Jordan Rift Valley

Jordan Rift Valley

Jordan Rift Valley

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The Jordan Rift Valley ( Al-Ghor or Al-Ghawr; Bik'at HaYarden) is an elongated depression located in modern-day Israel, Jordan and the Palestinian territories. This geographic region includes the Jordan River, Jordan Valley, Hula Valley, Lake Tiberias and the Dead Sea, the lowest land elevation on Earth. The valley continues to the Red Sea, incorporating Arabah and the shorelines of the Gulf of Aqaba.

Origins and physical features

The Jordan Rift Valley was formed many millions of years ago in the Miocene epoch (23.8 - 5.3 Myr ago) when the Arabian tectonic plate moved northward and then eastward away from Africa. One million years later, the land between the Mediterranean and the Jordan Rift Valley rose so that the sea water stopped flooding the area.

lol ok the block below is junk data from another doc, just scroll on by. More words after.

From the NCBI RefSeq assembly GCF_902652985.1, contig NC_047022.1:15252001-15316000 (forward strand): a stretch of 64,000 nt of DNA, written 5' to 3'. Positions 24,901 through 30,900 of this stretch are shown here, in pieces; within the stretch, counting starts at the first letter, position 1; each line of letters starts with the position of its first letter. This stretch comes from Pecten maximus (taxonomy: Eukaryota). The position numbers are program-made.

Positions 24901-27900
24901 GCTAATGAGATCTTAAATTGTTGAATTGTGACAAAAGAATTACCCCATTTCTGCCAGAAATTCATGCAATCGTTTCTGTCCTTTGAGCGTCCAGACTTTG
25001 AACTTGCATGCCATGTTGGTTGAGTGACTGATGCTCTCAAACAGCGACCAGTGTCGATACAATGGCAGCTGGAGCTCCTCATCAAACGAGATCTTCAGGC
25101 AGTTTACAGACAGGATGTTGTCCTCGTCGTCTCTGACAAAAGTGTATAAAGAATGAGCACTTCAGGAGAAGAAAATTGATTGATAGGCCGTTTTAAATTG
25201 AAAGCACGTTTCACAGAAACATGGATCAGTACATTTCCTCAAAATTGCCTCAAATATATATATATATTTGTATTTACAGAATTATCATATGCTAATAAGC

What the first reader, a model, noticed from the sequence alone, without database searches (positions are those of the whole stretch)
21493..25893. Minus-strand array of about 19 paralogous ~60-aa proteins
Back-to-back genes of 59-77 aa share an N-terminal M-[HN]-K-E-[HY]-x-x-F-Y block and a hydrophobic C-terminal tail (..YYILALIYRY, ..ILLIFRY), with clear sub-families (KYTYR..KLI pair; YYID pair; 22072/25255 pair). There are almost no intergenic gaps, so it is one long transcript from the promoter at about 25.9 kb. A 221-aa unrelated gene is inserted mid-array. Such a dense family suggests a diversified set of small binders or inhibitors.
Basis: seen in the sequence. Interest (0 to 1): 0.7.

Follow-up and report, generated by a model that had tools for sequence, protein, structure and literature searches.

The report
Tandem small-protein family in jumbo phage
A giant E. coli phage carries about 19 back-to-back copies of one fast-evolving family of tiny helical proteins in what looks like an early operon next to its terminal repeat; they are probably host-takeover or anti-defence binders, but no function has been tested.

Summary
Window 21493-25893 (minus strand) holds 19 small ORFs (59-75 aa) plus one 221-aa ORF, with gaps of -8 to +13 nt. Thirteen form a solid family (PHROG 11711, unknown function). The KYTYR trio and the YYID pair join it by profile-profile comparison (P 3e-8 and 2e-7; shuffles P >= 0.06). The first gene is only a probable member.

The lowest point in the Jordan Rift Valley is at the shores of the Dead Sea, which is also the lowest point (on land) on the surface of the earth at 400 meters below sea level. Rising sharply to almost 1,000 meters in the west, and similarly in the east, the rift is a significant topographic feature over which few narrow paved roads and difficult mountain tracks lead. The valley north of the Dead Sea has long been a site of agriculture because of water available from the Jordan River and numerous springs located on the valley's flanks.

The Dead Sea Transform

The plate boundary which extends through the valley is variously called the Dead Sea Transform or Dead Sea Rift. The boundary...
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